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There was a topic with problem:

Tanya prepared 4 different letters to be sent to 4 different addresses. For each letter she prepared an envelope with its correct address. If the 4 letters are to be put in 4 envelopes at random, what is the probability that only 1 letter will be put into the envelope with its correct address?

And seems that it was confusing for many. GMAT often has similar questions, so find below the problems to master yourself in them.

Tanya prepared 4 different letters to be sent to 4 different addresses. For each letter she prepared an envelope with its correct address. If the 4 letters are to be put in 4 envelopes at random, what is the probability:

A. That no letter will be put into the envelope with its correct address?

B. That all letters will be put into the envelope with its correct address?

C. That only 1 letter will be put into the envelope with its correct address?

D. That only 2 letters will be put into the envelope with its correct address?

E. That only 3 letters will be put into the envelope with its correct address?

F. That more than one letter will be put into the envelope with its correct address?

G. That more than two letters will be put into the envelope with its correct address?

Note that each Q could be solved in different ways, so check your answers with the alternate solution.

Answers to follow after discussion.
_________________

Hi Bunuel - i didnt understand how yangsta arrived at 1*2*1*1 for all incorrect or for that matter 1*1*1*1 for one incorrect and so on... i didnt quite follow this logic.

kindly explain

Counting 1 correct: 4C1=4, choosing which letter will be put in correct envelope. (Let's assume A letter was put in correct envelope). Then 3 letters (BCD) and 3 envelopes (BCD) are left. # of ways to put them incorrectly is 2: Envelopes: B-C-D Letters: C-D-B OR: D-B-C So total # of ways one letter will be put into the envelope with its correct address is: 4C1*2=8. As total # of ways to distribute 4 letter in 4 envelopes is 4!=24, probability P(C=1)=8/24.

Counting 2 correct: 4C2=6, choosing which 2 letter will be put in correct envelope. (Let's assume A and B letter were put in correct envelopes). Then 2 letters (CD) and 2 envelopes (CD) are left. # of ways to put them incorrectly is 1: Envelopes: C-D Letters: D-C So total # of ways two letters will be put into the envelope with its correct address is: 4C2*1=6. As total # of ways to distribute 4 letter in 4 envelopes is 4!=24, probability P(C=2)=6/24.

Counting 3 correct: if three letters will be put in correct envelopes, then the fourth one also gets its correct envelope. So there is no way we can put exactly 3 letters in correct envelopes --> P(C=3)=0

Counting 4 correct: there are 4!=24 ways to distribute 4 letters in 4 envelopes and obviously only one is when all letters get their correct envelopes. P(C=4)=1/24.

Counting all incorrect, or 0 correct: P(all incorrect)=1-(1 correct)-(2 correct)-(3 correct)-(4 correct)=1-8/24-6/24-0-1/24=9/24.

ichha148 wrote:

A. That no letter will be put into the envelope with its correct address? 9/24 B. That all letters will be put into the envelope with its correct address? 1/24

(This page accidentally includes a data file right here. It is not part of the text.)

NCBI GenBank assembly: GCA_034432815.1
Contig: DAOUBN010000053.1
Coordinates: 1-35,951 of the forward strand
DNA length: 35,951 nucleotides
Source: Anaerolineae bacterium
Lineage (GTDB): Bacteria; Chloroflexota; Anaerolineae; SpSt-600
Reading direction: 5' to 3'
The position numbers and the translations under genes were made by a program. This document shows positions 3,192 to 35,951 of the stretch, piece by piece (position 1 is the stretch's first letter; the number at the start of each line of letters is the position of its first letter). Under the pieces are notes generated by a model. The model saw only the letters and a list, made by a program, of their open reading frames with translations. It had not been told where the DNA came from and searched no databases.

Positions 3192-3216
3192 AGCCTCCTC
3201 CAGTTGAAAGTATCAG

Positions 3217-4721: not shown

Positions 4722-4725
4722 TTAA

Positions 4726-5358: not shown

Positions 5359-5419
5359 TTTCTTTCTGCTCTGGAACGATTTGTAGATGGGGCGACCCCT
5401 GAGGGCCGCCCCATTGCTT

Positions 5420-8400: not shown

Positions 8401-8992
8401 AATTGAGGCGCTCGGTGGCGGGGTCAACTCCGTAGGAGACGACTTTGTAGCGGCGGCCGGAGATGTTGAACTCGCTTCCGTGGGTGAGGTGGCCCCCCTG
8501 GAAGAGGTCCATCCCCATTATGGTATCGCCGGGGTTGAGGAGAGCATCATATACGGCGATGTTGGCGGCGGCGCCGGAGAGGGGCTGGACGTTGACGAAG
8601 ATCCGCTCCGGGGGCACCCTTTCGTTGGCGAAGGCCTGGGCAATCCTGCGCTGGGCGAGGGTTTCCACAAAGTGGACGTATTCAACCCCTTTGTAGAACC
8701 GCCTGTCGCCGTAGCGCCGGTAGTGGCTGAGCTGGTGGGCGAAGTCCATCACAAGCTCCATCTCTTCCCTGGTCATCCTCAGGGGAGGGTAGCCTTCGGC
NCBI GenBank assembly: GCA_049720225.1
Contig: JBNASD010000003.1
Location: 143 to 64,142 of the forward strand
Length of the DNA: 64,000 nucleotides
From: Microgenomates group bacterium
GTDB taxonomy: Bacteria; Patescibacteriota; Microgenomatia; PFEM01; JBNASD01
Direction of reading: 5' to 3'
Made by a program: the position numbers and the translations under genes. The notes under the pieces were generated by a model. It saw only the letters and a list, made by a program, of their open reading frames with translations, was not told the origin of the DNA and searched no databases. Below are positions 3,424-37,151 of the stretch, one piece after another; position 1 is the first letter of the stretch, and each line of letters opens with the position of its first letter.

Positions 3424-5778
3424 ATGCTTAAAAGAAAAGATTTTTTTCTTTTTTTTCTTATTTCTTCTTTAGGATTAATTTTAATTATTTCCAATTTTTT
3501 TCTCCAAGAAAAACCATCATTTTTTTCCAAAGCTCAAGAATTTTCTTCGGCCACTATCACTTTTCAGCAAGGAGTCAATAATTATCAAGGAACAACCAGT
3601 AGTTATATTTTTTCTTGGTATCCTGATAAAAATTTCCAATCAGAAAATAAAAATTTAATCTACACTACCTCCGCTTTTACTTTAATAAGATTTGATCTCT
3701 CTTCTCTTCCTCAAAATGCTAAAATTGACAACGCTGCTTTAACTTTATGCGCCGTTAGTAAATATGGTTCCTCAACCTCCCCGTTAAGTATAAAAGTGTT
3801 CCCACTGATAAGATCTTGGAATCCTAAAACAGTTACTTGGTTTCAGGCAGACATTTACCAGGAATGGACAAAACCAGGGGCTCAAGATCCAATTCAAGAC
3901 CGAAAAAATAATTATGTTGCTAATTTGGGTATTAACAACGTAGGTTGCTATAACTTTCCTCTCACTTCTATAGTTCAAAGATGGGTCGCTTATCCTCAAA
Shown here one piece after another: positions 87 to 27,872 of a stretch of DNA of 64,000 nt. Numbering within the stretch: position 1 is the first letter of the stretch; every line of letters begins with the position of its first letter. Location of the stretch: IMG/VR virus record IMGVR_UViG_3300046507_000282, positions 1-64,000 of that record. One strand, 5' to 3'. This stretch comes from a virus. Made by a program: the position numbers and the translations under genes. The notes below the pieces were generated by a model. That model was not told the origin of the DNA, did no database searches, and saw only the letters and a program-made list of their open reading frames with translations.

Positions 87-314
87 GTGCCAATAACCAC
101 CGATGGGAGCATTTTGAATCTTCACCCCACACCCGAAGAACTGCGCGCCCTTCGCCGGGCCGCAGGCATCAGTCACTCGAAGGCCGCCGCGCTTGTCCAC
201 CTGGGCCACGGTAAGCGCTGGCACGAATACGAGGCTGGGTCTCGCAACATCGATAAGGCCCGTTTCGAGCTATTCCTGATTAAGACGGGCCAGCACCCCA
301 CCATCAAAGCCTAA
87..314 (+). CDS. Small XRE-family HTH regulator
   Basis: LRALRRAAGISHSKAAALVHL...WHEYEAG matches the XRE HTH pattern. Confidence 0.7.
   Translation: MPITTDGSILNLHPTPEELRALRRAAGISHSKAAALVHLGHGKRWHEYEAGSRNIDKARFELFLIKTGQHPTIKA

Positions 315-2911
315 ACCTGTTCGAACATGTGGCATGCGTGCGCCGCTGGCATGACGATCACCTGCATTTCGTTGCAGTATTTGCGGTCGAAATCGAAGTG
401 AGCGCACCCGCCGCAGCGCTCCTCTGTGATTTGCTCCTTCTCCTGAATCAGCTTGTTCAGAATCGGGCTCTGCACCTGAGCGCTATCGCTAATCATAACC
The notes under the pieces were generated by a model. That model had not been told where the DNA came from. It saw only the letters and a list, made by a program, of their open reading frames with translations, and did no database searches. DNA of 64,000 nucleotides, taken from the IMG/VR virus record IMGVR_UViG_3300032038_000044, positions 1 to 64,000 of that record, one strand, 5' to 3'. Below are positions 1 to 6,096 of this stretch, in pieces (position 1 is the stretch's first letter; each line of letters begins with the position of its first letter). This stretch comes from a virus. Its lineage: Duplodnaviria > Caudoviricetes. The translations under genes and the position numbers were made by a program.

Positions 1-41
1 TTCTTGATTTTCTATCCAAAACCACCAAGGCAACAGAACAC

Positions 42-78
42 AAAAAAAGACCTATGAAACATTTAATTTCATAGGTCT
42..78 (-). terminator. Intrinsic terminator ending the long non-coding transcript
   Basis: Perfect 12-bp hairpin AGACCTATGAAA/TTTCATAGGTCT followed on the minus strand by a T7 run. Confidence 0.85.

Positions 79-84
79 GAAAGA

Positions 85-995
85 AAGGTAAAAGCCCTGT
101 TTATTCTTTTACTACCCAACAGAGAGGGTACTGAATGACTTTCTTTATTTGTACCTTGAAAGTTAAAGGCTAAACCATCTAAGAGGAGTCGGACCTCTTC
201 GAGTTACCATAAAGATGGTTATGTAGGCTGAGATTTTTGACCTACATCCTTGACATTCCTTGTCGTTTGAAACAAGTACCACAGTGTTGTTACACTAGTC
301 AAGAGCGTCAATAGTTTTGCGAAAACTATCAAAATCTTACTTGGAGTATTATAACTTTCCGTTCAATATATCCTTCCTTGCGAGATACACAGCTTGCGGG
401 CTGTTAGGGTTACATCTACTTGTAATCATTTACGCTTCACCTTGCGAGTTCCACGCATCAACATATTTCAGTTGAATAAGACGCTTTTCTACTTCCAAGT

I understand that correct answer is 9/24 , however my question is should not the B. That all letters will be put into the envelope with its correct address? is opposite of no letter will be put into the envelope with its correct address?

So , should not the result be 1-1/24 = 23/24

Can some one please explain me why this is not 23/24 and when 23/24 is applicable

Opposite of "all letters in correct envelopes" (= 1-1/24 = 23/24), is: "at least one in wrong envelope" = "3 correct" (=0) + "2 correct" (=6/24) + "1 correct" (=8/24) + "0 correct, option A" (=9/24) --> \(1-\frac{1}{24}=\frac{23}{24}=0+\frac{6}{24}+\frac{8}{24}+\frac{9}{24}=\frac{23}{24}\).

Re: Letter arrangements: understanding probability and combinats [#permalink]

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07 Oct 2009, 05:10

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let us consider there are four letters (L1,L2,L3,L4) with corresponding right addressed envelopes (e1,e2,e3,e4)

Now if we assume - one correct

Total possible combination = 24 (P4)

Consider => L1-e1 is right => then L2 has 2 possible combinations such as e3 or e4 (we consider L2-e3); it cannot take e2 bcoz then there will be a combination with 2 letters in right envelop. Now the obvious choice for L3 to take e4 and not e3 (same logic for L2) and thus L4 is paired bydefault with e2.....Now plz refer below sequence with 2 possibilities

Now this sequence is only for L1-e1 to be the only right and all others are wrong; similarly we have 4 pairs such as (L1-e1 | L2-e2 | L3-e3 | L4-e4 ) with 2 possibilities for each

Hence Ans is 4 x 2 = 8 ways => 8/24 => 1/3

on similar lines evaluate probability by dividing by 24 for each case

1 correct = 8 ways 2 correct = 4 ways 3 correct = 0 way ( if 3 are in right envelop 4th one will automatically go in the correct envelop) 4 correct = 1 way ( only one possible combination )
_________________

Bhushan S. If you like my post....Consider it for Kudos

Great post Bunuel +1 Not sure if my answers are right cos I’m no good at these type of questions.

Total possibilities are 4! = 4x3x2x1 = 24

My methodology: (letter1 into an envelope) x (letter 2 into remaining) x … etc x (Ways to choose this) Probability 1 is correct = 1x2x1x1x4C1 = 8 Probability 2 are correct = 1x1x1x1x4C2= 6 Probability 3 are correct = 0 (Not sure about this one but I thought you can’t put only 3 in the right envelope because the last one will match the remaining letter) Probability 4 are correct 1x1x1x1x1x4C1 = 1 Probability all are wrong = 24 - (the above) = 24 – 15 = 9/24

A. That no letter will be put into the envelope with its correct address? 9/24 B. That all letters will be put into the envelope with its correct address? 1/24 C. That only 1 letter will be put into the envelope with its correct address? 8/24 D. That only 2 letters will be put into the envelope with its correct address? 6/24 E. That only 3 letters will be put into the envelope with its correct address? 0 F. That more than one letter will be put into the envelope with its correct address? 1-(9/24) = 15/24 G. That more than two letters will be put into the envelope with its correct address? 17/24